The 88-page complaint charges voter fraud, and includes a list of those who have voted by mail and requested vote-by-mail ballots, ELEC filings from Occhipinti which show payments to workers, and affidavits from people who say they were told by members of the Occhipinti campaign that they would be paid $40 to vote by mail.
The practice of paying members of the public for their vote and then disclosing them as campaign workers is not new in Hoboken, but an Occhipinti official said this is not what’s going on here.
“It’s a desperate attempt to deflect the issue of their own campaign corruption,” one Occhipinti official said. “There’s absolutely no truth to [the charges]. Any person with this campaign has made above-the-table dealings.”
A Lenz official responded.
“It is a desperate attempt,” a Lenz official said. “It’s a desperate attempt to make sure the election is free of corruption.”
The Occhipinti official also said it does not make sense for the campaign to pay $40 for one vote.
“It’s not an efficient method,” the official said. “If we can pay $40 to a worker who is going to wear the shirt, go out, and talk about Tim legally, we can get 20 more votes doing it that way.”
All employees of the Occhipinti campaign sign a “campaign worker information and declaration form.”
The contract states that the worker must “lawfully promote and encourage the participation of voters” and will “engage in only lawful conduct in connection to my work as a campaign worker for ‘Occhipinti for Council.’”
The complaint has four sworn affidavits from people who say they were told they could be paid $40 for their vote by an Occhipinti official, and charges that 78 out of 79 of Occhipinti’s campaign workers have already voted by mail.
The Lenz campaign is attempting to sequester those vote-by-mail ballots, but the Occhipinti campaign has said since they only have four affidavits, only four votes should be sequestered. The outcome will be decided by a Superior Court Judge.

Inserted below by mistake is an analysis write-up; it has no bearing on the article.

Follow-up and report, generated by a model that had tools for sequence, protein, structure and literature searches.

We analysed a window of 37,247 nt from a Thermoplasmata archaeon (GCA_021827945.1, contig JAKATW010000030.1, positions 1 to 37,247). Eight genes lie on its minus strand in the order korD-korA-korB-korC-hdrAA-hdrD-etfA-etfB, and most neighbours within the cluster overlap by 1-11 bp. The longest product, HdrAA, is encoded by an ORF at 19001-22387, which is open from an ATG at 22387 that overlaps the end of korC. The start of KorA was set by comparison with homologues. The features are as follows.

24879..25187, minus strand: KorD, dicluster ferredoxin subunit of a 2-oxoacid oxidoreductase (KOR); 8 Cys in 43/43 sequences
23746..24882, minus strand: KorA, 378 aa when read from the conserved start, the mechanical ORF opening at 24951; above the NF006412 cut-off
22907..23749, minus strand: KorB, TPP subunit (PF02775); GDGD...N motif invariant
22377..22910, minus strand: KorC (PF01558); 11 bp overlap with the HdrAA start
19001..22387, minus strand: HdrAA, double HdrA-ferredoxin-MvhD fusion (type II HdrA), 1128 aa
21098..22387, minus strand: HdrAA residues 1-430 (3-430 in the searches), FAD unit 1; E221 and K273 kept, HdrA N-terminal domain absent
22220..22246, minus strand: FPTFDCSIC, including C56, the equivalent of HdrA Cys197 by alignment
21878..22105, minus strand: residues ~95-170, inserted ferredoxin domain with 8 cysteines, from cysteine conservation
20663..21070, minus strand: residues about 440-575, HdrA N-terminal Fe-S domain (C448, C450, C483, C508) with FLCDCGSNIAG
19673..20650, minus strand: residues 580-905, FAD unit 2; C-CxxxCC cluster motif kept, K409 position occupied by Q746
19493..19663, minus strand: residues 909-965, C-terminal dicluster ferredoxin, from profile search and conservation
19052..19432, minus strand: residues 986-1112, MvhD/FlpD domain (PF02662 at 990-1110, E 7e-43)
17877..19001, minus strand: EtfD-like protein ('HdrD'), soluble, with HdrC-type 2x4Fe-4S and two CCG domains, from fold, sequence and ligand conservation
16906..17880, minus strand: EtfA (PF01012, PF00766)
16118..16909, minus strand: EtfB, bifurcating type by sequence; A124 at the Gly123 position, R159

On Friday, Superior Court Judge Maurice Gallipoli refused to sequester the ballots, and Lenz campaign officials were scheduled to appeal to the county Board of Elections on Saturday morning.
Both sides are confident
Occhipinti and Lenz now both have countdowns to victory day in the campaign headquarters. One of them will be wrong, but neither side is ready to admit it.
“We’re feeling good,” an Occhipinti official said. “The public meetings have been going awesome. People realize the kid [Occhipinti] really isn’t who people say he is. People meet him and see he’s not a thug, not an idiot, he’s a good guy who is ready and capable to sit on the council.”
Just a block and a half away, the Lenz campaign is also feeling like Nov. 2 will be their day.
“We still feel good,” a Lenz official said. “There are more votes out there for Mike.”
The Lenz campaign said this year it is a “turnout election” and “illegal votes could make a difference in the election.”
Some in the campaigns have said that with appeals and lawsuits, the election season may not end on Nov. 2. If it does end on Nov. 2, the winner will sit in the fourth seat from the left in Council Chambers on Wednesday, Nov. 3.
Not sure who to vote for?
Through all the mudslinging, it could be difficult to understand the issues. Before you head to the polls, make sure to view the Hudson Reporter 4th Ward election debate at www.hudsonreporter.com. The video will be available through Election Day.